06:40PM | 11/14/02
Member Since: 11/13/02
2 lifetime posts
I'm framing basement walls with top/bottom plates and 2x4 studs:

1)Since the poured concrete walls are not plumb there will be some gaps between the concrete walls and the studs--say around a half inch. These gaps would allow the stud bays to "communicate" with each other in the event of a fire. Do these gaps need to be plugged? If so, what should I use?

2)On one wall the concrete wall ends at about 3 feet high once it rises above grade. The sole plate and house framing on this wall are inset about 3 inches from the interior concrete wall (in other words, the existing sole plate and studs are about three inches narrower than the concrete wall). I want the interior basement walls to be straight (and not "stepped out" at the 3 foot height). This means that there will be about a three inch gap between the new studs and the exiting studs from the 3 foot height to the ceiling. Does a gap of this size need to be plugged so the stud bays don't "communicate"? Could I just attach 1/4 inch plywood to the studs or what?



02:56PM | 11/18/02
Member Since: 10/19/98
223 lifetime posts
No need to "plug the gaps". I would, however, insulate. Insulating the basement walls has one of the highest paybacks of any energy project. Insulating my walls paid for itself in the first two winters (I live in the midwest, winter daytime highs anywhere from 0 - mid 30's. Lows usually in the teens).


03:23AM | 11/19/02
Member Since: 11/13/02
2 lifetime posts
Thanks very much, Bob. I appreciate your inputs.


02:58PM | 11/19/02
Member Since: 11/16/02
23 lifetime posts
Be sure to keep the drywall at least 1/2" from floor to prevent mold.


Post a reply as Anonymous

Photo must be in JPG, GIF or PNG format and less than 5MB.


type the code from the image


Post_new_button or Login_button

For an eclectic table setting or outdoor lighting, try a riff on this project from The SITS Girls blog—converting mason ja... It turns out that many bath and kitchen cleansers contain chemicals that are dangerous to the skin and eyes, and often pro... So often we paint tiny nooks white to make them appear larger, but opting for a dark, dramatic wall color like this one—Be... Chocolate-colored walls and large window frames allow the exposed wood beams to take center stage in this small screened p... If you're not crazy about the idea of commingling plants and pool, this modern variation may be more to your liking. The s... Yes, a freestanding garage can become its own tiny house. Artist Michelle de la Vega has all the comforts of a modern resi... There’s nothing like a new set of cabinet hardware to refresh a room. The possibilities are endless: Go modern, rustic, or... Pursue what's known as the stack effect. To achieve it, open the windows on both the upper and lower floors, and as warm a... Like no other floor type, a checkerboard design works wonders to underscore the retro kitchen theme. Vinyl flooring, ceram... Twine lanterns add pops of crafty—but sophisticated—flair to any outdoor setting. Wrap glue-soaked twine around a balloon ... When securely fastened to a tree or the ceiling of a porch, a pallet and some cushioning make the ideal place to lounge. V... Incorporate nature into your lighting scheme by securing a dead tree in a concrete mold and draping your pendant lamp from... For the cost of a can of exterior paint , you can totally transform your porch. Paint the floor a hue that complements yo... In this urban apartment, a standard-issue patio became a serene and green perch by replacing the typical concrete with gro... If you put the washing machine in the mudroom, you can stop the kids from walking through the house in dirty, grass-staine...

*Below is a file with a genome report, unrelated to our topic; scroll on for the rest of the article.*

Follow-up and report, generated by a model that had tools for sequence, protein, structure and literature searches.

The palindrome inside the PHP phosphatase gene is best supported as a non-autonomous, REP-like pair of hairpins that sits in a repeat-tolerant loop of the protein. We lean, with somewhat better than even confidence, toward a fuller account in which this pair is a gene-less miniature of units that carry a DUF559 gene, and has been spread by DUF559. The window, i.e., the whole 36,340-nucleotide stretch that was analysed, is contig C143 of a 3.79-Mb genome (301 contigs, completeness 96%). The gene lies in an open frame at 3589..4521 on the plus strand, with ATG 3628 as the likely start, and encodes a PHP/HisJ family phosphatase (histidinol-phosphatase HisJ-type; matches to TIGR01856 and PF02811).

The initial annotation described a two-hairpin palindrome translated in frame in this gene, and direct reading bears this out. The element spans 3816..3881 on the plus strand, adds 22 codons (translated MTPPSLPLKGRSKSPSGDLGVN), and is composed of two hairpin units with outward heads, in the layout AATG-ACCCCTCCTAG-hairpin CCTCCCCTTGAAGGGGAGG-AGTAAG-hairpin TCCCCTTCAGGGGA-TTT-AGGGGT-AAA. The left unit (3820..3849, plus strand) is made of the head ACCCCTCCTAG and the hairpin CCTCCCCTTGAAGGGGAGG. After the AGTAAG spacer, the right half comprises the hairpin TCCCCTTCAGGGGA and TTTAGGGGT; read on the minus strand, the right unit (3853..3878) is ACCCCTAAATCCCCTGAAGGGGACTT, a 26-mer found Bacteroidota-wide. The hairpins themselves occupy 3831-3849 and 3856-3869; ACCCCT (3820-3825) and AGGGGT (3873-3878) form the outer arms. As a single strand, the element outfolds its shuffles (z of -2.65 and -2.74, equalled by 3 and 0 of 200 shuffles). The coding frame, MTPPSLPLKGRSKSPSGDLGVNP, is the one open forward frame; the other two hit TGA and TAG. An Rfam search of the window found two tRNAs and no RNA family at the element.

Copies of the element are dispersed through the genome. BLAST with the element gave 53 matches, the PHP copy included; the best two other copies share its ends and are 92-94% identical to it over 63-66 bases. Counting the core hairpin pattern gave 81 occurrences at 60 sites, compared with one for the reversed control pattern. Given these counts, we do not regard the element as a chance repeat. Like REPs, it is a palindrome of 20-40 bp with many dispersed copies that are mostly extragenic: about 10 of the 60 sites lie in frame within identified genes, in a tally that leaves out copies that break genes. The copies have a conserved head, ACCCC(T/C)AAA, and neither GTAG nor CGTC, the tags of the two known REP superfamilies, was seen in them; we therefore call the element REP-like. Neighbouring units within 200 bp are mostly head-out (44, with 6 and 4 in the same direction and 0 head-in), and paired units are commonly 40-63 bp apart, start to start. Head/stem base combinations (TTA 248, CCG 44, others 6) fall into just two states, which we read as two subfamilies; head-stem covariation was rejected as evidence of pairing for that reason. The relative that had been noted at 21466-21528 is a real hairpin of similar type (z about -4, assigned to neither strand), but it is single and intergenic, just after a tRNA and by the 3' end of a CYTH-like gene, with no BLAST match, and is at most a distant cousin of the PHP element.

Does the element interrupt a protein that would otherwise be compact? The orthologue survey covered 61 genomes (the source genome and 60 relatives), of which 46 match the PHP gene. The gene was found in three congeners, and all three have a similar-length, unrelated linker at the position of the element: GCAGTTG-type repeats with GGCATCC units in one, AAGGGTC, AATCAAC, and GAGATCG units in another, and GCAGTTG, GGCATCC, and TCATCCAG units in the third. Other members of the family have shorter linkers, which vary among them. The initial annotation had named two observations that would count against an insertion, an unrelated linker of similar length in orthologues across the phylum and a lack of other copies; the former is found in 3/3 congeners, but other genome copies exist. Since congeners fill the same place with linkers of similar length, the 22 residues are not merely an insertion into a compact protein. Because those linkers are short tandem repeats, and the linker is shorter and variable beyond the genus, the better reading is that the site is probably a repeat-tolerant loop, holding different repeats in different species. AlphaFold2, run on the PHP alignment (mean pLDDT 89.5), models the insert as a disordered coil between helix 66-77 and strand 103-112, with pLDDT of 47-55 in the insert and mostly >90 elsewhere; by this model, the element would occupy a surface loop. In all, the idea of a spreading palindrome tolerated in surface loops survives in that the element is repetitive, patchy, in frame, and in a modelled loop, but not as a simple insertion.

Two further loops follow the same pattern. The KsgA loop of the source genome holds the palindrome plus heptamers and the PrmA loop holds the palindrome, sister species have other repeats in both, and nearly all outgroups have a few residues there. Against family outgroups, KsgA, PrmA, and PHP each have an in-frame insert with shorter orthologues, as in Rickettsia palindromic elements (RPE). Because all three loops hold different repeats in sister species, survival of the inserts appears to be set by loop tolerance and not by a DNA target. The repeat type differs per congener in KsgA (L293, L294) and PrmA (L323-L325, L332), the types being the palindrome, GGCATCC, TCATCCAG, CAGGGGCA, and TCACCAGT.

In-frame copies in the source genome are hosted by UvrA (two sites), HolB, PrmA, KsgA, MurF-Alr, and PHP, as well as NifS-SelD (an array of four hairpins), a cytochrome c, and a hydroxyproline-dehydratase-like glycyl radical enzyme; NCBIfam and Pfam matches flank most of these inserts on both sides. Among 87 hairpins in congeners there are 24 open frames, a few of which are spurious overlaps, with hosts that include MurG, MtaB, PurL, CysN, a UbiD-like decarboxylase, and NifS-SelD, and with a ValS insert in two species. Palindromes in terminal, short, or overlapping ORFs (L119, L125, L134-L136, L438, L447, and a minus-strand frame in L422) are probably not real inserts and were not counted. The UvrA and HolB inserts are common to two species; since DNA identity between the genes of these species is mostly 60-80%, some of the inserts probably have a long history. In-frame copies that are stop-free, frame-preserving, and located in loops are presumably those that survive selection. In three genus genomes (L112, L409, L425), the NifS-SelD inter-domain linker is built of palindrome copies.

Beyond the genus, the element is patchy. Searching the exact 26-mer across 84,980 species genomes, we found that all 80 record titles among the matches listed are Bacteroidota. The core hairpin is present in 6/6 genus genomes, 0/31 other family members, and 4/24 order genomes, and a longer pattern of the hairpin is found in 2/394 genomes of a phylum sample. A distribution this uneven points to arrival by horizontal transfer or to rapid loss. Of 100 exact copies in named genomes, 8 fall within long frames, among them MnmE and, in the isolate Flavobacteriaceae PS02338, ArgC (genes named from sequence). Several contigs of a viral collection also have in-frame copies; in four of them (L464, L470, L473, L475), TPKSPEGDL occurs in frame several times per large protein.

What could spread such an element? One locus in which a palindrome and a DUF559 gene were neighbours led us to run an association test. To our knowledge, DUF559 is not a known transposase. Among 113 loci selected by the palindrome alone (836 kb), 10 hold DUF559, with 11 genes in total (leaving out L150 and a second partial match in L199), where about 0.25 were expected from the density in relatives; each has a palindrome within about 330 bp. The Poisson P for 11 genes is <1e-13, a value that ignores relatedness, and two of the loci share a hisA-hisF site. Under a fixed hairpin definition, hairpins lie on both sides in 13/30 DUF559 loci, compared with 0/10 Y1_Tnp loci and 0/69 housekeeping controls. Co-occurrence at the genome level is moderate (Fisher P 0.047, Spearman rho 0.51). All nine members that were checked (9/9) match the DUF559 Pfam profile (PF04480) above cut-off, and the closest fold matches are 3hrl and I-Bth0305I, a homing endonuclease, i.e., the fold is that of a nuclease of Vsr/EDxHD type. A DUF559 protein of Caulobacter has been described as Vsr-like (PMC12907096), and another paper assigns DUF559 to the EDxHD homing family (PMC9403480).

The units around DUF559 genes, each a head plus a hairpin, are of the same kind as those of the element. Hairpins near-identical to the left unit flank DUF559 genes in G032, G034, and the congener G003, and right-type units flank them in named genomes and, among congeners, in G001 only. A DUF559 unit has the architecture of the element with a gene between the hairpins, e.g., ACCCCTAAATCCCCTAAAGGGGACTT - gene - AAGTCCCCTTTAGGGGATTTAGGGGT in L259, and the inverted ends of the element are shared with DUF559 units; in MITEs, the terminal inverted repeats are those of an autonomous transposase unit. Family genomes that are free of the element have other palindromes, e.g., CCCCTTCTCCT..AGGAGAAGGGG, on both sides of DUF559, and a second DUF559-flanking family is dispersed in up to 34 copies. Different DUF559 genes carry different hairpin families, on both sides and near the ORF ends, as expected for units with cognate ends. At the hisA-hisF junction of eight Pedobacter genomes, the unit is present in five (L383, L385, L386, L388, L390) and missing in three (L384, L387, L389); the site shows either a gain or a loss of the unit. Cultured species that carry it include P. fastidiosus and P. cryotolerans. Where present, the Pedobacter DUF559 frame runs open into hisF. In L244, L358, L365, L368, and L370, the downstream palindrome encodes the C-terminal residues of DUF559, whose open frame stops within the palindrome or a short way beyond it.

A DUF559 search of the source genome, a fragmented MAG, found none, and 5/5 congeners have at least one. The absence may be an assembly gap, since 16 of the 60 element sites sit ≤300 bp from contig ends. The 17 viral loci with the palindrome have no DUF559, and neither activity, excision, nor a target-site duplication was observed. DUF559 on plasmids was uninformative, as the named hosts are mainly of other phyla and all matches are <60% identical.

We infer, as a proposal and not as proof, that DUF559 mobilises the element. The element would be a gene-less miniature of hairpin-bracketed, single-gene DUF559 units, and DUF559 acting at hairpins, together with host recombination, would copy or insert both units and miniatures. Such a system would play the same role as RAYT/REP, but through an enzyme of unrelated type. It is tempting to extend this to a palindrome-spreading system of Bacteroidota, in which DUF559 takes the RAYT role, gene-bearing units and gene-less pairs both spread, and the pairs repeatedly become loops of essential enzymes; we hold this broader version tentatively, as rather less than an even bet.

Newsletter_icon Google_plus Facebook Twitter Pinterest Youtube Rss_icon